Tony Stark invents new magical energy sources three times before breakfast, but he uses them mostly to punch Thunder-Gods in the head, rather than, say, to completely transform the world's technology and economy. Aliens land on earth, and rather than conquering England with H. G. Wells or forming an utterly new human race through tentacle-sex gene splicing a la Octavia Butler, they perform minor acts of altruism while taking their shirts off to reveal the pecs of Henry Cavill. Superheroes are sci-fi wonders without consequences, the future resolutely flattened by today.

Noah Berlatsky, (link)

Photo: Roger Stonehouse, (source)

On modelling consent culture, Cliff Pervocracy writes: “Personally, I tend toward almost a utilitarian model of sex, in which the goal is to work together to attain the greatest net pleasure.”


My poetry is actually weakened by my coding style. And there are certain poetic devices that I have a lot of trouble with using, that I have to deliberately try to force myself to use because they would make for bad coding style. Rhetorical questions, repetition, rhyme, convoluted syntax. It’s so important in poetry to be able to surprise the reader, and in coding you can surprise the reader for good effect but you want to do it through new clarity and new concision. In poetry, the range of emotions you want to give the reader—it’s so much wider than that.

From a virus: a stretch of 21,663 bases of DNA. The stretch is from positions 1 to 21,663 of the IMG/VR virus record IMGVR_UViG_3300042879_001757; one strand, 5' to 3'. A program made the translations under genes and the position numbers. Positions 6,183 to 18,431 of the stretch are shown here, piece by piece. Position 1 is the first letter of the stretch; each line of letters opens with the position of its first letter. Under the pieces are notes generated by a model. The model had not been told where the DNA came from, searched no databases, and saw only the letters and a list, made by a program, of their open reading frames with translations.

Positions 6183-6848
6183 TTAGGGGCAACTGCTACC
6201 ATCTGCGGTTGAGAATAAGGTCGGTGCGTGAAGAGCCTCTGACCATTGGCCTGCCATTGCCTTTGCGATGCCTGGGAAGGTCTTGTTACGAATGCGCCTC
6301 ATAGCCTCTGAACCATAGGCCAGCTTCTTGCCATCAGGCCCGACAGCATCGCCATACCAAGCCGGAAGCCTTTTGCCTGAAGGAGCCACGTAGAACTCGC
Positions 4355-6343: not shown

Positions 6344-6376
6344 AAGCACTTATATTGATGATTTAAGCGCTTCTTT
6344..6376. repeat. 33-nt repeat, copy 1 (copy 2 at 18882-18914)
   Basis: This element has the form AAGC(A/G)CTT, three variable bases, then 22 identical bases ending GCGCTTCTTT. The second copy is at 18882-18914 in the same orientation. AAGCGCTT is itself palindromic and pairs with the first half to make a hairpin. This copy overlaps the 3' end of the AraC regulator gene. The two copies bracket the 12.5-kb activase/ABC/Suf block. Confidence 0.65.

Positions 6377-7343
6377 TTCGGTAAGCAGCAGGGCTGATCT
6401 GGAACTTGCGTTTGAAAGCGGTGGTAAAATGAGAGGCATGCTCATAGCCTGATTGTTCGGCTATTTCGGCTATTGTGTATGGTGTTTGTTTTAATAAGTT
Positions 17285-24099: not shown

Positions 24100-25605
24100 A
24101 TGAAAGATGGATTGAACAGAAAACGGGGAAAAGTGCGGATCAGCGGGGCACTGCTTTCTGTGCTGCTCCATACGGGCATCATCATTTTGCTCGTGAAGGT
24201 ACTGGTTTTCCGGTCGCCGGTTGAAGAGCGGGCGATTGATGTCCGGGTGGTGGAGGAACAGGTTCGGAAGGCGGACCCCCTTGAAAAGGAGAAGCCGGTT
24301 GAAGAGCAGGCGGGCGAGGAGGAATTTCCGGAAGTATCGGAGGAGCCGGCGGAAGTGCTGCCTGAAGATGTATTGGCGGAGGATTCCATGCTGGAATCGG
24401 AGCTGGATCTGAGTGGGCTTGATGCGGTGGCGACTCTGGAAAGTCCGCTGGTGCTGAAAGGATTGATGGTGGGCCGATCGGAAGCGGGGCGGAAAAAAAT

Few Americans want the state to police their bedrooms, but 93% think adultery is morally wrong, a recent CNN poll found. That view has stiffened over the past few decades, even as attitudes to homosexuality have softened dramatically (see chart). This may be because, since the liberalising 1960s, Americans now know more about the real-world consequences of both. Many grow up at ease with gay friends but upset by their parents’ divorces.
The Economist, (link)

Smart bullies are driven by their desire to have their bullying make them more popular, to get the rest of the world pointing and laughing with them. In a Blue Tribe bubble, shouting “FAGGOT” at gay people is no longer a good way to do that. The smart bullies in these circles have long since stopped shouting at gays – not because they’ve become any nicer, but because that’s no longer the best way to keep their audience laughing along with them.

[The Hobbit trilogy] has no interest in "battles" as such. It is interested in single combats, for which war, howsoever meager the causus belli, provides the opportunity. This individuation of war is part and parcel of the "defining" nature of these films taken together. They cannot, it turns out, think the collective at all; they can only think the individual—the fan favorite, the key prop, the singular...

...Jackson thinks in Romantic and post-Romantic terms, of tragic-heroic heroes and heroines; his vision is fundamentally Byronic and Gothic. Tolkien, though, is a deeply pre-Romantic writer, who thinks in terms of communities, peoples, languages and the idioms of human congregation. These are his great themes, and his evils are things (like the Ring) that cut the individual off from human community.